Three individuals from the Texas A&M University soil and crop sciences department will receive awards at the American Society of Agronomy, Crop Science Society of America and Soil Science Society of America annual meetings Oct. 16-19 in San Antonio.

The awards and Texas A&M recipients are: Crop Science Society of America Fellow – Dr. Wayne Smith; Hank Beachell Future Leader Scholarship – Paige Graves; and the J. Fielding Reed Scholarship and the National Society of Consulting Soil Scientist Scholarship – Heather Watson.

Smith will join an elite group, as members of the society nominate worthy colleagues based on their professional achievements and meritorious service. Only 3 percent of the society’s active and emeritus members are elected Fellow.

Smith is a professor, associate department head and plant breeder in the department. He earned his bachelor’s and master’s degrees from Auburn University, and doctorate from the University of Tennessee.

He teaches three courses and has directed 37 graduate students. His research focuses on cotton fiber quality improvement. He has released 121 improved germplasm lines and four cultivars. Smith is active in the Crop Science Society of America and the Beltwide Cotton Conferences.

“Dr. Smith has provided leadership in the cotton breeding world and this recognition – the highest by CSSA – is a tribute to the impact of his program,” said Dr. David Baltensperger, professor and head of the soil and crop sciences department.

Graves is a graduate student at Texas A&M University in the department of horticultural sciences. She earned a bachelor’s degree from Texas A&M in agronomy. Her research focuses primarily on root growth of pecan seedlings in response to nitrogen fertilizer rates.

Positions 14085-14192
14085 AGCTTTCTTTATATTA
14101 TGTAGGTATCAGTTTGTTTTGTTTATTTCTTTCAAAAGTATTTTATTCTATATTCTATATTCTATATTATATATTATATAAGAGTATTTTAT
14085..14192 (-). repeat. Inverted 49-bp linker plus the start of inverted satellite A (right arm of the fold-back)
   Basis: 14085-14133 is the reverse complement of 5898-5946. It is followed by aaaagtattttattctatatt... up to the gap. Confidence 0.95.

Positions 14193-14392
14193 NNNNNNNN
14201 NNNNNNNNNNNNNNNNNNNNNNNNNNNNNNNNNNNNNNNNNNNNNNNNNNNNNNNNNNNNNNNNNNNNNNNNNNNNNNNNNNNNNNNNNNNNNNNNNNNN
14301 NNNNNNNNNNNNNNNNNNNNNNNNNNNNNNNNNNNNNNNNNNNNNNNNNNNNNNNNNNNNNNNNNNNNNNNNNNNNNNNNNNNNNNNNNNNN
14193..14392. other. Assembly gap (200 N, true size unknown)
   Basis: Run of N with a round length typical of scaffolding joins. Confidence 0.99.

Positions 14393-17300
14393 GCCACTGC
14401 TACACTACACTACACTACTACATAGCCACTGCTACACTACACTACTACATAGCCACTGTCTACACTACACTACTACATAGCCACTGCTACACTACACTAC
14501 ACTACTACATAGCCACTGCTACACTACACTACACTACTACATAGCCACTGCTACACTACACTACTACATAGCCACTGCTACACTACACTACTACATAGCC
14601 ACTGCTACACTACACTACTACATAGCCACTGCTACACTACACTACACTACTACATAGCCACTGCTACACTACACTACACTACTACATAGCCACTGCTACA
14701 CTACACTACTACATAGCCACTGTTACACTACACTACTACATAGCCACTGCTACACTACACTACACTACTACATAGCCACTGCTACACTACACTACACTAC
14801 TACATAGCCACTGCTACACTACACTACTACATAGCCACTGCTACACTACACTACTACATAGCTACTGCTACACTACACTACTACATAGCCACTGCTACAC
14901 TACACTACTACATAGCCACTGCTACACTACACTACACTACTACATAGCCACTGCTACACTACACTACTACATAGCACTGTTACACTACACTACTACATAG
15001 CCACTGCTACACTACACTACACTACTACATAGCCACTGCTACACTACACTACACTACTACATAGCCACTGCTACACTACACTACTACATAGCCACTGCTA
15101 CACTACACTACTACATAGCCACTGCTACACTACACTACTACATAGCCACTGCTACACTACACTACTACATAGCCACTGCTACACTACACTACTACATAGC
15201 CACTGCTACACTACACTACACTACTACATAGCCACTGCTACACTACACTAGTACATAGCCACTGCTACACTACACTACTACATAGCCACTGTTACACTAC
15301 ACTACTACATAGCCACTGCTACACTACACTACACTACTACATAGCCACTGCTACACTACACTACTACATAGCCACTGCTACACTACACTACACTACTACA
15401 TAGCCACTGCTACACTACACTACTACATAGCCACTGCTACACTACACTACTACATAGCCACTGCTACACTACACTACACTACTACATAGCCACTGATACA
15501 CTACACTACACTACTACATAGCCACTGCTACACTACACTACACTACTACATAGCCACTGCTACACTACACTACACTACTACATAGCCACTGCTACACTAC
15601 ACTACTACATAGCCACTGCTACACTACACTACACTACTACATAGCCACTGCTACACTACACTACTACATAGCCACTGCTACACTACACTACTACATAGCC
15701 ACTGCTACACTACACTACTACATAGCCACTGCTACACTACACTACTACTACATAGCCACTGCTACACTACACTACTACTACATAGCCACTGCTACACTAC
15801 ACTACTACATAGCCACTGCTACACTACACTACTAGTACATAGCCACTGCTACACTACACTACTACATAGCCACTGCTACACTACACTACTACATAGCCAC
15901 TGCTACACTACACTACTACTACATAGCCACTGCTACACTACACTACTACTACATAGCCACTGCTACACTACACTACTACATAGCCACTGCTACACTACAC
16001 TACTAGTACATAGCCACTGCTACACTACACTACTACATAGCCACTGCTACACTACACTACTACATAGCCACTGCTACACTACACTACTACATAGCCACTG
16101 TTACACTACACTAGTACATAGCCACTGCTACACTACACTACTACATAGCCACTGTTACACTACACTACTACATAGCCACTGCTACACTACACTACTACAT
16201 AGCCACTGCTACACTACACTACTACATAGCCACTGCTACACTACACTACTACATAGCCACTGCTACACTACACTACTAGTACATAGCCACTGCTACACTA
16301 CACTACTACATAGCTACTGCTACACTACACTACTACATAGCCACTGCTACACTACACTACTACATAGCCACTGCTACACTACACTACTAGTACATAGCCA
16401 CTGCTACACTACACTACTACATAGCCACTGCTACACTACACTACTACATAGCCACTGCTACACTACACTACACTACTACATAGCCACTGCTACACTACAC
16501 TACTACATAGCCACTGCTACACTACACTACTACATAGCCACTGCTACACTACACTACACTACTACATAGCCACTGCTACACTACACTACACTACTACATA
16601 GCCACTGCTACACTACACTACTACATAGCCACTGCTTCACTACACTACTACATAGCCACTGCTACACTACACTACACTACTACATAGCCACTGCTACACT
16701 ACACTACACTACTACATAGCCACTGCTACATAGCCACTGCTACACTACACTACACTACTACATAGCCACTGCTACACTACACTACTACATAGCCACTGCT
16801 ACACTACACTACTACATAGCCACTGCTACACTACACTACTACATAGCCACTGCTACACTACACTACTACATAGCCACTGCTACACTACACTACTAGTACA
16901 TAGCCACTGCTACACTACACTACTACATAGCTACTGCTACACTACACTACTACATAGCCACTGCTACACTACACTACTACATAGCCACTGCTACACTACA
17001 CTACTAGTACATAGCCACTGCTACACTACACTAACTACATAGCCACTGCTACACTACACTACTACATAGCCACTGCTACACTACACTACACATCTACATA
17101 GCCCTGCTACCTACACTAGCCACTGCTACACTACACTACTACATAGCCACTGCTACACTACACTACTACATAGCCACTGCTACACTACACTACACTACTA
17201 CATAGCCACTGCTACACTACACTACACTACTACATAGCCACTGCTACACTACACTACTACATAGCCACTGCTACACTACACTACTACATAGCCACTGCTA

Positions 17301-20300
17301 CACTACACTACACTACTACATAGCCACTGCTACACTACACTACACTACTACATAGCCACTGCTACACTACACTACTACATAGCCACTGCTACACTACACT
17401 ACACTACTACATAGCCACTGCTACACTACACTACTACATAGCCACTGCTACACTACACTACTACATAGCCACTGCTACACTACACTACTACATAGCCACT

The Hank Beachell Future Leader Scholarship, which Graves was awarded, is funded through the Agronomic Science Foundation. It was established in recognition of Henry A. Beachell’s commitment to advancing the knowledge of agriculture through his work in rice breeding and development. The purpose is to expand the agricultural knowledge of undergraduate students participating in activities that enhance their university studies.

Watson, who is picking up two awards, is a senior agronomy major at Texas A&M. She will graduate in December and plans to pursue a master’s degree in soil science. She has an undergraduate research project in soil physics working with electromagnetic induction to identify subsurface variation of soil properties associated with gilgai, a soil topographic feature associated with some soil types in Texas, Australia and Africa.

Her first award, the J. Fielding Reed Scholarship, is presented to an outstanding undergraduate senior pursuing a career in soil or plant sciences. It was established in recognition of Reed's life-long commitment to advancing the knowledge of agriculture through his work in soil science and natural resources, and his passion for educating students. It is funded through the Agronomic Science Foundation.

Watson’s second award, the National Society of Consulting Soil Scientists Scholarship, was established to encourage undergraduate students to major in soil science degree programs. The scholarship recruits top quality students into nationally recognized soil science programs to meet the expanding and diverse needs of this field.